Tuesday, January 30, 2007

Civil Servants Have it Good.

Last week CTV ran a lead story on their National Newscast about how members of the civil service retire sooner, and with better pensions that the rest of us.

56% of early retirees are
the unionized beneficiaries of the heavily burdened Canadian taxpayer- public sector workers. They retire on average at age 59, compared to 33% of early retirees being from the private sector, retiring on average at age 62. The smallest segment of Early retirees is from my sector, the self employed, trailing in at 11%.

The basis of any nation's economy is the act of adding value to a commodity, or providing a service that people are willing to pay for. Any nation that maximizes it's citizen's ability to create wealth prospers. Nations that burden their economies with high taxes and a large tax-payer supported bureaucracy do not do as well.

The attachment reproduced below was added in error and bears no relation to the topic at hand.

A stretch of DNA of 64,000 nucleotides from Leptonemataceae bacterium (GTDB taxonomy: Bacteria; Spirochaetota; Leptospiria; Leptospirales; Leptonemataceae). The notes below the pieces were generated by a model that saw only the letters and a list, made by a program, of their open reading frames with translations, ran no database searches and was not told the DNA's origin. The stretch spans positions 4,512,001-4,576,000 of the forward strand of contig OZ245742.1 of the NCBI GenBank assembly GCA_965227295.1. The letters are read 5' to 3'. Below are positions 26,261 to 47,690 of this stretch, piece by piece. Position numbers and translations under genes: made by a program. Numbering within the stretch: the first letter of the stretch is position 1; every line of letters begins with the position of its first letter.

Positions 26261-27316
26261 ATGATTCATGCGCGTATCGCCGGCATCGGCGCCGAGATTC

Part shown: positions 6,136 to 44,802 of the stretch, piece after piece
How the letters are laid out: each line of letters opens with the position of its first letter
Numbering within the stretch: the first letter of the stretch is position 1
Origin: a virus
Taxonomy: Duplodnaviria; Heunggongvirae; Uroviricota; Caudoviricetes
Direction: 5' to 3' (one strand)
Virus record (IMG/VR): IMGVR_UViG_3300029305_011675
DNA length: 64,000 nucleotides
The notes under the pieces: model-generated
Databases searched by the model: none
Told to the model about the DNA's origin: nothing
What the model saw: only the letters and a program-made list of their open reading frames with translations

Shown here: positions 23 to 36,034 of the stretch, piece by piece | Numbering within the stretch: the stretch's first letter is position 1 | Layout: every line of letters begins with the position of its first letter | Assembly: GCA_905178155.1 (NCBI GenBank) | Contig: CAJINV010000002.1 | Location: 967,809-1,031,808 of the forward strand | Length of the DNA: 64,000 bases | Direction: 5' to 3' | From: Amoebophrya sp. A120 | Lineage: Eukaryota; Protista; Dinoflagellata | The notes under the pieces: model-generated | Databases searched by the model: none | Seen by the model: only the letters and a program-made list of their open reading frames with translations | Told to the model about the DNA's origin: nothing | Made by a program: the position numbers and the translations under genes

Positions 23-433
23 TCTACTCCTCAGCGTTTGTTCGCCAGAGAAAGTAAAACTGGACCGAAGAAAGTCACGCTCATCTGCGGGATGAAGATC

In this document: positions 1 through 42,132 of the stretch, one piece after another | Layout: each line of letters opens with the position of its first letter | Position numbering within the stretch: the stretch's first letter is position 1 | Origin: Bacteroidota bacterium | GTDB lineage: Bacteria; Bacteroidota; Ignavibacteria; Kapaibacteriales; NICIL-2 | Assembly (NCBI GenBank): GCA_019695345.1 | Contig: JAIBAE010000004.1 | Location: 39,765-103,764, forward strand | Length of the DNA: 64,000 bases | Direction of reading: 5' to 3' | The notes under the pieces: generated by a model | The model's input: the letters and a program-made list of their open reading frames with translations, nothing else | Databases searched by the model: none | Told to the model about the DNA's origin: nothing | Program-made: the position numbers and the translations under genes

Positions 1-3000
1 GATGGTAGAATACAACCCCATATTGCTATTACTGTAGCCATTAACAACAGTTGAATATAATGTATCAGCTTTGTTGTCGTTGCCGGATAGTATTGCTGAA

It's a sign that our public sector is entirely too well paid, when our civil servants make up over half of all early-retirees. Hell, until they retire, they don't even pay income taxes!

I'm serious.

A civil servant receives only his take-home pay. The government, which is paying them, appears to deduct payroll taxes. But since the Wage-payor is also the IncomeTax-recipient, it's a transaction that never really takes place. The net result is that much of the public sector, especially at the federal level, doesn't pay income taxes like the rest of us.

Not until they retire and receive their pensions, do they actually pay any income tax.

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